One way to do this is to write down all of the requirements that represent differentiated innovation on individual post it notes. Draw this magic square on your whiteboard. Put the post-its where they belong in the square. The further up and right the post-it note is, the earlier the release in which it should be scheduled.

source post [tyner blain] 


Dual Screen Wallpapers

March 30, 2006

If you are lucky enough to be able to run multiple monitors on your system, you may sometimes find yourself wishing you could find desktop wallpapers that are optimized across multiple screens. The folks at Dual Screen Wallpaper obviously decided to try to do something about it.

While I really like some of the wallpapers at Dual Screen Wallpapers, I should warn you that they have integrated the advertising in their site in such a way as to try to trick people into making false clicks; the titles and descriptions of each wallpaper are formatted exactly like the text ads that they display at the top of the screen, and they even display an image beside the text ads so that they blend in perfectly with the rest of the site. I'm sure this is a breach of the terms of service for their advertiser so they won't be able to keep this up for long, but for now just be careful of the top two links on the site. I simply can't help linking to them though, as the wallpapers are gorgeous and work beautifully on my dual-screen setup.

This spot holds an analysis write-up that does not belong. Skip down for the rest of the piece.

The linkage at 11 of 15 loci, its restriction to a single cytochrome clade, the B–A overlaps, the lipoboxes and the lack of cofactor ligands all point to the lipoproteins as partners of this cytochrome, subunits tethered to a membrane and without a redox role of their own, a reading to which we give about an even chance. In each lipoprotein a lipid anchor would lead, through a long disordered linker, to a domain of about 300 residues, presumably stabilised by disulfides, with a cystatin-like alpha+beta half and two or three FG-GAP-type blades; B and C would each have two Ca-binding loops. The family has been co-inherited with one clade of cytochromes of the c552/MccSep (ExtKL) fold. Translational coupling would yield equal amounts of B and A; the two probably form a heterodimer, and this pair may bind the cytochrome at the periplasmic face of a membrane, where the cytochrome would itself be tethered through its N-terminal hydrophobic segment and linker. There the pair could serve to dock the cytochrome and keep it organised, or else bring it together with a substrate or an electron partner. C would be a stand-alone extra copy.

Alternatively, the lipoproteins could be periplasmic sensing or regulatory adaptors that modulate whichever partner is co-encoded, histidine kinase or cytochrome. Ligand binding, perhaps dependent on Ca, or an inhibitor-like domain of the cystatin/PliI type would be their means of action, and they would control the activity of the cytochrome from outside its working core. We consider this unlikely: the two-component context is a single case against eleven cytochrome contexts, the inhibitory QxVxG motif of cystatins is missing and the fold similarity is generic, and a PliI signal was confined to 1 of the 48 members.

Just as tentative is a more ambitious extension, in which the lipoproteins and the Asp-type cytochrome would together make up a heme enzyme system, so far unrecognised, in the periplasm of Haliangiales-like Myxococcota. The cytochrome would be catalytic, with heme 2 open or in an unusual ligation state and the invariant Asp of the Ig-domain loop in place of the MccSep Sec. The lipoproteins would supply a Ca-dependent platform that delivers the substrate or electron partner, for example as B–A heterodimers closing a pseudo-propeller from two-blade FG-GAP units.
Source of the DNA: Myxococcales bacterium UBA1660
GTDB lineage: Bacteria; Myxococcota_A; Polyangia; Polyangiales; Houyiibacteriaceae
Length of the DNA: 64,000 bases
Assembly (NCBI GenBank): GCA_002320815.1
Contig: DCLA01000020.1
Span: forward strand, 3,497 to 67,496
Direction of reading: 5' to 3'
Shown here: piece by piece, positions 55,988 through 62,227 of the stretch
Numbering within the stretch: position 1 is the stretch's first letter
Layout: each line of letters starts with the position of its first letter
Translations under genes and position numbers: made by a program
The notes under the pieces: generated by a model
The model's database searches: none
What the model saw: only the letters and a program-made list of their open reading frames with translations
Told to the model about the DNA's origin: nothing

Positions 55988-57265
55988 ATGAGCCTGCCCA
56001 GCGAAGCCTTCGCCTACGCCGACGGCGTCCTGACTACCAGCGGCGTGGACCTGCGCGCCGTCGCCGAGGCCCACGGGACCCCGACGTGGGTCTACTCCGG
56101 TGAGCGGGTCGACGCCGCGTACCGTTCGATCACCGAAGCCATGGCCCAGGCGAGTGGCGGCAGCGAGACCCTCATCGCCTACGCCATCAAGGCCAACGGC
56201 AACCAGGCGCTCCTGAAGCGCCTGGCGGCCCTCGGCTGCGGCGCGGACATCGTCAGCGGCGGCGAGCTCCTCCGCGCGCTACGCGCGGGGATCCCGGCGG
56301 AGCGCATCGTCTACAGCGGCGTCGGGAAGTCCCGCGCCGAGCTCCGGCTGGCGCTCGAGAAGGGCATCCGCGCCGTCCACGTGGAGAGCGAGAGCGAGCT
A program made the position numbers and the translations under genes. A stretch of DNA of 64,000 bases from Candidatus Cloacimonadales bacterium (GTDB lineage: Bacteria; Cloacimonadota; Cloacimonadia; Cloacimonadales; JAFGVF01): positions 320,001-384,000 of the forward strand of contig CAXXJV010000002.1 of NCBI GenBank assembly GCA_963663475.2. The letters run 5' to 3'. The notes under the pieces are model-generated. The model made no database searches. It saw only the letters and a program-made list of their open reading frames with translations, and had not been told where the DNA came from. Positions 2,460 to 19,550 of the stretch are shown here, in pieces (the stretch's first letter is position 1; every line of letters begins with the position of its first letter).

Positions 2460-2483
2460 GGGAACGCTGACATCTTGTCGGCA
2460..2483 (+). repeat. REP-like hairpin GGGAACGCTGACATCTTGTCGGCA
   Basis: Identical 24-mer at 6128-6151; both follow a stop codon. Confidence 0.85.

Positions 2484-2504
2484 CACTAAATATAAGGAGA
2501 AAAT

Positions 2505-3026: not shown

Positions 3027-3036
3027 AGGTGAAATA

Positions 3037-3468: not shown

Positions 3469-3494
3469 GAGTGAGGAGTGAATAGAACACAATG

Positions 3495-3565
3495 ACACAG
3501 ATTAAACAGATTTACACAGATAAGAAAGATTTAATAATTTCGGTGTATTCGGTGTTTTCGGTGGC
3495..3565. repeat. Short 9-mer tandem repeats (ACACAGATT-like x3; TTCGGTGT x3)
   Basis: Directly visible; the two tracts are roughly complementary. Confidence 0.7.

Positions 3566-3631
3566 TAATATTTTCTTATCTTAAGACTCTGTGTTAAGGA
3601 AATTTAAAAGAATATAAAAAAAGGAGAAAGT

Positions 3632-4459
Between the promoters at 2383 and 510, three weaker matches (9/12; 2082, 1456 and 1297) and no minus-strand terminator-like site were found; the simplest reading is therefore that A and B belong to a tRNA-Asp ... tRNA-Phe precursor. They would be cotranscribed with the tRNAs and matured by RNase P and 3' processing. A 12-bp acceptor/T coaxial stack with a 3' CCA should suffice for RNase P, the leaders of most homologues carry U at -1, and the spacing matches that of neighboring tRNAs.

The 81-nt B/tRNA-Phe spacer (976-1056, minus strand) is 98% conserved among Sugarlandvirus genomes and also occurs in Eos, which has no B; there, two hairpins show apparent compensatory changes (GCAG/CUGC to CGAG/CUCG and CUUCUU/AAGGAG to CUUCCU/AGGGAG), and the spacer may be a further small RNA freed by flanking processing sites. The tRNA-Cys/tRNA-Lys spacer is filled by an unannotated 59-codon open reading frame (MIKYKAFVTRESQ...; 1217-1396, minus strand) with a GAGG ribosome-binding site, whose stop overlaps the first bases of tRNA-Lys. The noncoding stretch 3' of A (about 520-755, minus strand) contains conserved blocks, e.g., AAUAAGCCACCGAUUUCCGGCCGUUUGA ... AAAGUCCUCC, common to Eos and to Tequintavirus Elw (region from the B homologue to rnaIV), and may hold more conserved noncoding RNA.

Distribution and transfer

source post [download squad] 

Volkswagen-Google-nVidia navigation system

March 18, 2006

Volkswagen-Google-nVidia navigation system

What do you get when you take Google Earth and put it in a Volkswagen? Something like this. Volkswagen has partnered with Google and nVidia to create an in-car navigation system based on Google Earth that shows a driver’s route in 3D. The touch-screen system is Internet-enabled and goes online to find real-time traffic and weather information as well as other travel information like gas stations, restaurants, or hotels. AutoMotoPortal has a half-dozen screenshots for your enjoyment. For now it’s just a prototype, so no word on when we could actually be seeing this in VW’s lineup.

source post [Boing Boing]

Boot XP on Mac right now

March 18, 2006

Windows XP on Intel MacWhen they said “shortly” I didn’t realize just how shortly. narf2006’s $13,000 solution for booting Windows XP on your Intel Mac is available right now, in the form of a 777kb zip file. In order to accomplish the feat you’ll need a PC on which you’ll create a custom slipstreamed XP install disc. In case it’s not obvious, this is not for the faint of heart, but the distribution contains clear instructions in sensible English, which is promising. As you might expect, the XP-on-Mac site is under significant load just now, so if you have difficulties, head over to Engadget for a list of mirrors.